For this second blog posting about variegated threads let’s look at The Variegated Thread Trap - the stitcher wants to portray a realistic effect with the thread (like sky, grass, water, etc.) but the color changes in the thread produce a result that is not consistent with reality.

Here is an example of a variegated thread, Sampler Threads from The Gentle Art, used to stitch a sky in basketweave.  
Sky stitched using Variegated Thread

Now, many of you may be thinking that you would never stitch a sky like this because of the diagonal striping that occurs.  Good.  But, this could also happen when you stitch water or grass, among other things, with a diagonal stitch using variegated threads.  I wouldn’t bring this up, if I hadn’t seen it with my own eyes ...

How about ....

Tree stitched using Variegated Threads

This evergreen tree, stitched with Watercolours from The Caron Collection  shows horizontal striping.  Hmmm ..., you may be thinking that you may have actually stitched a tree like this.  But, still, maybe you haven’t.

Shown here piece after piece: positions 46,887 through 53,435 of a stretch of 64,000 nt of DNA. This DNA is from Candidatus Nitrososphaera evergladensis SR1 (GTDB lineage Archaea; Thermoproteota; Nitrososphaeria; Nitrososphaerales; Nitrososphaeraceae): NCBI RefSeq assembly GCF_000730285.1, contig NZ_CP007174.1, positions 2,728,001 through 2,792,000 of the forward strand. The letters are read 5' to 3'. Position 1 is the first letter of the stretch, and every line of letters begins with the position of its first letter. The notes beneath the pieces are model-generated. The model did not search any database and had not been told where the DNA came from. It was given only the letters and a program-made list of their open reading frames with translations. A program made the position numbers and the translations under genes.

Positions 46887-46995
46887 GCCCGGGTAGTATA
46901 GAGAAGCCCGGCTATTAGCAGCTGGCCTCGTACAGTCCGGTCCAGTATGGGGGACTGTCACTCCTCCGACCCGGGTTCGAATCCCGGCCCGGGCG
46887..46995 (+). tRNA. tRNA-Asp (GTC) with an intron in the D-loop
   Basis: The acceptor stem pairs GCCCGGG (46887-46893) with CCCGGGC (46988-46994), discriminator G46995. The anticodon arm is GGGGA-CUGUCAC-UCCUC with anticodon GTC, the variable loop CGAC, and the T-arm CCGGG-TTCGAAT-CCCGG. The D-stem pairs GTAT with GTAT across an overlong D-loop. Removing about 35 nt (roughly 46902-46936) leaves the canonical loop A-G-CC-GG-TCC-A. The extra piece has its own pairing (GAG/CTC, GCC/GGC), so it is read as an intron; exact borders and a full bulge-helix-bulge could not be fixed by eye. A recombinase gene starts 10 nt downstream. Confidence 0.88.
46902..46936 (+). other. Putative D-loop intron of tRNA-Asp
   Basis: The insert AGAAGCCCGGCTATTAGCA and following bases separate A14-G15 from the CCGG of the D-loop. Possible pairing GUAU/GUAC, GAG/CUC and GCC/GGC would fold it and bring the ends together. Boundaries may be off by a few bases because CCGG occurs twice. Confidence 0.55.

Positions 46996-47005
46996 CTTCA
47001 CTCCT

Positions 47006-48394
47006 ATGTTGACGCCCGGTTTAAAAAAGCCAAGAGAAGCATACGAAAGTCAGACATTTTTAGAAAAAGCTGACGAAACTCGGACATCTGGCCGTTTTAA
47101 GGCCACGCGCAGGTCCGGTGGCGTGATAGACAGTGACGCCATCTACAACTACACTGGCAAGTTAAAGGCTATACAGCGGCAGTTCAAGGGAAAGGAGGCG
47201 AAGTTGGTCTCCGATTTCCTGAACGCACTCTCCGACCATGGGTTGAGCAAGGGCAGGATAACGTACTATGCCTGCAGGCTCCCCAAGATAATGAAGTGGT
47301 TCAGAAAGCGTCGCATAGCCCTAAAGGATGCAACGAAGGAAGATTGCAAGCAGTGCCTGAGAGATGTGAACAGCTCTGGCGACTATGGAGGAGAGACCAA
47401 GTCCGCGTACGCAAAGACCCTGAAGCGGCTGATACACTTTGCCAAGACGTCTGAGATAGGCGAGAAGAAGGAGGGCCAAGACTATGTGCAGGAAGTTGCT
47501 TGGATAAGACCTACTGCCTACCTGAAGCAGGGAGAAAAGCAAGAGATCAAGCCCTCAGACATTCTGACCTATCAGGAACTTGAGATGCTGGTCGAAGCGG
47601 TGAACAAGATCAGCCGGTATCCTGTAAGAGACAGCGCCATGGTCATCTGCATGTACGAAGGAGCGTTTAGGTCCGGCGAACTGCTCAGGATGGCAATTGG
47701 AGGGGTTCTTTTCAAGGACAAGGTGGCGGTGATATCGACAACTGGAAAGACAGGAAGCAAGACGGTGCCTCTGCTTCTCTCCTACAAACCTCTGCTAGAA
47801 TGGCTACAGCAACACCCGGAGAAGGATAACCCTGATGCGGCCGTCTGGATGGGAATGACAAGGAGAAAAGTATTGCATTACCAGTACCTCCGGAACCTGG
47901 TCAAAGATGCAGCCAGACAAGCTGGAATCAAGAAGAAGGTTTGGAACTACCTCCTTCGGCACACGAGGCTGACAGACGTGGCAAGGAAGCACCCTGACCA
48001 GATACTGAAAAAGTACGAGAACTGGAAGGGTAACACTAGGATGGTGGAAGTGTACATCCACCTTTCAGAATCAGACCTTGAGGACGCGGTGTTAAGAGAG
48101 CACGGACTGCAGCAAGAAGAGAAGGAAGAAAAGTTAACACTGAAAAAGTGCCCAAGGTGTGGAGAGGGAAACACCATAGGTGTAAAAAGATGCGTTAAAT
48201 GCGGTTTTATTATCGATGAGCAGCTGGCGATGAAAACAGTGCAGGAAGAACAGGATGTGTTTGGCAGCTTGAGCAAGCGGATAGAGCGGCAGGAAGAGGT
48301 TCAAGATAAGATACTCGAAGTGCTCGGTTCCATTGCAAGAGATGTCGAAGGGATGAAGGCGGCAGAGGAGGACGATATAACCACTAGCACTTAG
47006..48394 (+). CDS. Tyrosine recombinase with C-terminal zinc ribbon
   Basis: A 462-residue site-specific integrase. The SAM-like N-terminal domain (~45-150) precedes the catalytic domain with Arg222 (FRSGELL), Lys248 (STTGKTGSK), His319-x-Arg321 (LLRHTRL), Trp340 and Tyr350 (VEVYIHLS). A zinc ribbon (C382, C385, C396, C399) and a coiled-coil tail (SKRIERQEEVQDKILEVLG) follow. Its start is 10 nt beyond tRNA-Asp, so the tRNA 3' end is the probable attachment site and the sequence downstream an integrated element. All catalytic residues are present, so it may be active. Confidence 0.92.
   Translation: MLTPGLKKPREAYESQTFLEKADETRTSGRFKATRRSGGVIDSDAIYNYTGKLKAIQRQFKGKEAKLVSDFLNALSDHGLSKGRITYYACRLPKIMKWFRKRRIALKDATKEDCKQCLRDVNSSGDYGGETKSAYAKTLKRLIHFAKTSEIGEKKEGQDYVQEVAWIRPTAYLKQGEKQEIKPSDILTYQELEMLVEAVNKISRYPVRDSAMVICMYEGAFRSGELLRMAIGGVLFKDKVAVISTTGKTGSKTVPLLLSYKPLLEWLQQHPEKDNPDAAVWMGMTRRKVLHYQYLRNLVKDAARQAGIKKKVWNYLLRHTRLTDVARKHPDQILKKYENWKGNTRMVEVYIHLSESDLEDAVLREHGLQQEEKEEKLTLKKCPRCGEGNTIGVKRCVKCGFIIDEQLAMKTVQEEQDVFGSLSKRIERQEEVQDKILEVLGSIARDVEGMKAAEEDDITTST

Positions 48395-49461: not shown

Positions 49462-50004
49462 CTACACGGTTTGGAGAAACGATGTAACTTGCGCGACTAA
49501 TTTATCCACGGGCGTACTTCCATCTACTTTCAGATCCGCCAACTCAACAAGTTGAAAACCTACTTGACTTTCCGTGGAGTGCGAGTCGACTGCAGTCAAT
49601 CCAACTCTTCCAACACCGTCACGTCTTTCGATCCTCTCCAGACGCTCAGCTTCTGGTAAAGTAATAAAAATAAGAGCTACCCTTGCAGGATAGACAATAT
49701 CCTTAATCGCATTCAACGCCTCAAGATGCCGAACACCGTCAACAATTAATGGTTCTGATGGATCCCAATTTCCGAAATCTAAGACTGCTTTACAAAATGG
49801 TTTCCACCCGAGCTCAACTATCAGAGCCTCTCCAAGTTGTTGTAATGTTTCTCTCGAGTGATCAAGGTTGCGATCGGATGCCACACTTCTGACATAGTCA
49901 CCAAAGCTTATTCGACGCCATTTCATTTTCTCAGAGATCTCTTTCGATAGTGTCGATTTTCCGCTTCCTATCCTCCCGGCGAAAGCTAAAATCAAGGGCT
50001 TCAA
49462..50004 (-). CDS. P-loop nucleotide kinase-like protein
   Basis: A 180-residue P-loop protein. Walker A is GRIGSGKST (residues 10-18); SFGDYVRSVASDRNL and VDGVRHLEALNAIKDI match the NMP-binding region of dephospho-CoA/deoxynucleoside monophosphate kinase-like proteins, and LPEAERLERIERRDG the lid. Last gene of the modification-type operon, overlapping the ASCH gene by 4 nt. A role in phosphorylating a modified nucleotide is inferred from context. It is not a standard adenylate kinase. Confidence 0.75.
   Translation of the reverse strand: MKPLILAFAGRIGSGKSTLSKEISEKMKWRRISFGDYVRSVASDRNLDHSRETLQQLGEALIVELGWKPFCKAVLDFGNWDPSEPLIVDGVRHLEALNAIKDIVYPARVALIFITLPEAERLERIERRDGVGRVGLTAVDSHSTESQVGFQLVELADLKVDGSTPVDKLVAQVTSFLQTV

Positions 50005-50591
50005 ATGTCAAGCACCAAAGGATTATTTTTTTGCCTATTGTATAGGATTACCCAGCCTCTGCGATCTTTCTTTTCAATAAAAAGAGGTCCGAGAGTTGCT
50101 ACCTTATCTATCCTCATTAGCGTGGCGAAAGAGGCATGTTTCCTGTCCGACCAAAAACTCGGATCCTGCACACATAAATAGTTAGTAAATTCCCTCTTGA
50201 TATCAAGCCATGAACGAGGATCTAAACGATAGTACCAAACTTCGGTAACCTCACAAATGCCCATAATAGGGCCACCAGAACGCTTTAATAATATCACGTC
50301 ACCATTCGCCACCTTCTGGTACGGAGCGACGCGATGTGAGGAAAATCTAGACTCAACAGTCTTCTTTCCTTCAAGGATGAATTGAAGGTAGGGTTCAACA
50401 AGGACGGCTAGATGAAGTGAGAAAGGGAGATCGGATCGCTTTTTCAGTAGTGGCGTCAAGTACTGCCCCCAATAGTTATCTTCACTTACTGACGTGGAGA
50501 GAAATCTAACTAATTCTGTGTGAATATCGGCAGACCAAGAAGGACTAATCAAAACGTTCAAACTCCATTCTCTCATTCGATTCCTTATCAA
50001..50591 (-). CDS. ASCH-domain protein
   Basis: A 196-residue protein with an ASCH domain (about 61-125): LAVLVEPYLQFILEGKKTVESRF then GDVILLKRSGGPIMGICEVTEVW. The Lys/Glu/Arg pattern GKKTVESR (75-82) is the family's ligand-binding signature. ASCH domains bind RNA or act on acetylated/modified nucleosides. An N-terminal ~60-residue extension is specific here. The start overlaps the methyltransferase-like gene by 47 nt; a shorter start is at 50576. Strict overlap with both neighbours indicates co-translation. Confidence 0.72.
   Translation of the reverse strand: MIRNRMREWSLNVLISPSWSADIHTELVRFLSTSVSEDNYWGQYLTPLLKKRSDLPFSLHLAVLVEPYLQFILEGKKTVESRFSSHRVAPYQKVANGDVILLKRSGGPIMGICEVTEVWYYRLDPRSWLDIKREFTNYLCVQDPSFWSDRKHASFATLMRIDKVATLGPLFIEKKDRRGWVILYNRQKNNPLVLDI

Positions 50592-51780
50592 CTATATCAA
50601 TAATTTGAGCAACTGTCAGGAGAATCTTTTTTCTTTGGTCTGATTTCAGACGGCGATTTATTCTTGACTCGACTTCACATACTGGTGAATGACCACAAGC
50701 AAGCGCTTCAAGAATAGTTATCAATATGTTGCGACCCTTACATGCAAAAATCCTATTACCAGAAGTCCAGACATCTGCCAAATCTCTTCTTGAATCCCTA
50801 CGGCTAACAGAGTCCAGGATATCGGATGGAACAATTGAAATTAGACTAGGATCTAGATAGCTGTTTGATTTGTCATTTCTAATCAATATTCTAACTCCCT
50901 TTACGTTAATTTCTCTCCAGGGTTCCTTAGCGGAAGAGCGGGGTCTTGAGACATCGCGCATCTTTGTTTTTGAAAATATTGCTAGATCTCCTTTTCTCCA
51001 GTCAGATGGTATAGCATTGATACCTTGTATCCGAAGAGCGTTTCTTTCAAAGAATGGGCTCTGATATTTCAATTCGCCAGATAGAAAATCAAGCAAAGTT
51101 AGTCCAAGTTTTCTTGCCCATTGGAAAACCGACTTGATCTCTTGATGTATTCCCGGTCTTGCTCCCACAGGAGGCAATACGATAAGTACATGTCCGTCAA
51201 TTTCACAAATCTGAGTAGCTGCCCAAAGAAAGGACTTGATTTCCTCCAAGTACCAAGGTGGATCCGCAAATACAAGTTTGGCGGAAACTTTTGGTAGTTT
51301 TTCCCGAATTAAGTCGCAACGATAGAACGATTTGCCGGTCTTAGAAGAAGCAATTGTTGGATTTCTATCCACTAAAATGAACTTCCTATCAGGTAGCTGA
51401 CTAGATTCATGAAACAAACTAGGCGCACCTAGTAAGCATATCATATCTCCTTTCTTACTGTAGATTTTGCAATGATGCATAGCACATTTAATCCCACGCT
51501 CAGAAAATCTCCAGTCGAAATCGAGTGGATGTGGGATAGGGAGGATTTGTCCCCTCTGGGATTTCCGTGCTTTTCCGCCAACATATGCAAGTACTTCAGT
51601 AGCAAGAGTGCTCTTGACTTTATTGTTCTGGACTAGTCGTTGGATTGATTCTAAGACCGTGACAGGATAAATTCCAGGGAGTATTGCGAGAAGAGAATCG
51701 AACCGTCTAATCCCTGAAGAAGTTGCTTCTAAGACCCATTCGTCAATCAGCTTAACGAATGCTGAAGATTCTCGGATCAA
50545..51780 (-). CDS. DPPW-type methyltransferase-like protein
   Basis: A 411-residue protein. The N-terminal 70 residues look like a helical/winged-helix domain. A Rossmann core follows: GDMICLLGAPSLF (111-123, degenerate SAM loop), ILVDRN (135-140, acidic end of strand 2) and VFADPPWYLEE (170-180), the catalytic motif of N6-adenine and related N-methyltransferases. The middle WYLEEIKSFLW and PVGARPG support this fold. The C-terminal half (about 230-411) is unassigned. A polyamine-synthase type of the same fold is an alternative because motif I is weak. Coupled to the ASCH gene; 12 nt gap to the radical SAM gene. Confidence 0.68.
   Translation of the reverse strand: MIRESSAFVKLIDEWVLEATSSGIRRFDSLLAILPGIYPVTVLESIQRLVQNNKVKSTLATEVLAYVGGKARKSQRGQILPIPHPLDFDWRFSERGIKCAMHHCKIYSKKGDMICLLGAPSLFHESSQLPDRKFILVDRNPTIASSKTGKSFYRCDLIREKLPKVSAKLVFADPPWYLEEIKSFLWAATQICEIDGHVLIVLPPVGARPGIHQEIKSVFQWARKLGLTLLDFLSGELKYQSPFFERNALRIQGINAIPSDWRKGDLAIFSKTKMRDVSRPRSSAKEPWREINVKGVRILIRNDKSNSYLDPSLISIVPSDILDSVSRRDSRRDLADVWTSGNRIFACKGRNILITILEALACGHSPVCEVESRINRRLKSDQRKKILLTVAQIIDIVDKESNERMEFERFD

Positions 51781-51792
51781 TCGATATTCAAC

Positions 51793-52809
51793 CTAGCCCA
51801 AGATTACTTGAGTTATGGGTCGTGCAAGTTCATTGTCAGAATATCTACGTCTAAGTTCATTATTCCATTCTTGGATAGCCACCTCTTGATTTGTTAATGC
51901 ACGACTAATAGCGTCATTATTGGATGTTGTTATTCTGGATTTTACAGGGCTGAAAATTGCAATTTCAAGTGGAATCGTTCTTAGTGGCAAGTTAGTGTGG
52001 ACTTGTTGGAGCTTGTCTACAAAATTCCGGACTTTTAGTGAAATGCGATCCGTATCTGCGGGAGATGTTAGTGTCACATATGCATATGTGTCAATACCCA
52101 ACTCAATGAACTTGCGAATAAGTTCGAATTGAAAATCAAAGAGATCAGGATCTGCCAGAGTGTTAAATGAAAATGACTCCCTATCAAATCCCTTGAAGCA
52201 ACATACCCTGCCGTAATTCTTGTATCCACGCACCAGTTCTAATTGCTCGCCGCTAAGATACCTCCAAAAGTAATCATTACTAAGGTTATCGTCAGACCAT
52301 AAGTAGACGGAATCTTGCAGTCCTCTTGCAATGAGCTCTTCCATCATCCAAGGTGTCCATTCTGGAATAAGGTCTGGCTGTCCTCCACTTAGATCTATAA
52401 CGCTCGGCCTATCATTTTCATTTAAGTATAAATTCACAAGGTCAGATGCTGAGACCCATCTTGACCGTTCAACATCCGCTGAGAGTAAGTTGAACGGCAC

What about ....
Grass stitched using Variegated Threads

This grass was stitched with a variegated thread and there is some pooling of color.  Most people don’t want their lawns to look like this, nor their needlepoint.  So, maybe this example has caught a few more people in the trap.

What about ...

Pumpkin stitched using Variegated Threads

OK, now maybe a few more people are guilty of this type of shading with variegated threads.  This pumpkin shows highlights in an incorrect area (highlights are the lighter areas of the thread that comes from light bouncing off an object and making the object’s color appear lighter.)

Let’s look at each of these examples carefully and discuss what is wrong with them and ways to fix these problems.

First - Diagonal Striping
Diagonal Striping in the Sky

The basketweave stitch, or more accurately the tent stitch done in the basketweave style, is a diagonal stitch.  Color flow from the thread will be emphasized diagonally.  Therefore, there will be diagonal striping.  You see that the width of the stripes differs, this is not only due to the length of the shade of blue in the piece of thread I stitched with, but also the length of stitching that I was doing.  Each diagonal row is not the same length, therefore, at the beginning of the stitching, in the upper right hand corner, the color pools because the length of each row is shorter.  This little anomaly is minor considering the dramatic striping that occurs because of the darkness of that darker blue striped area.  

What to do: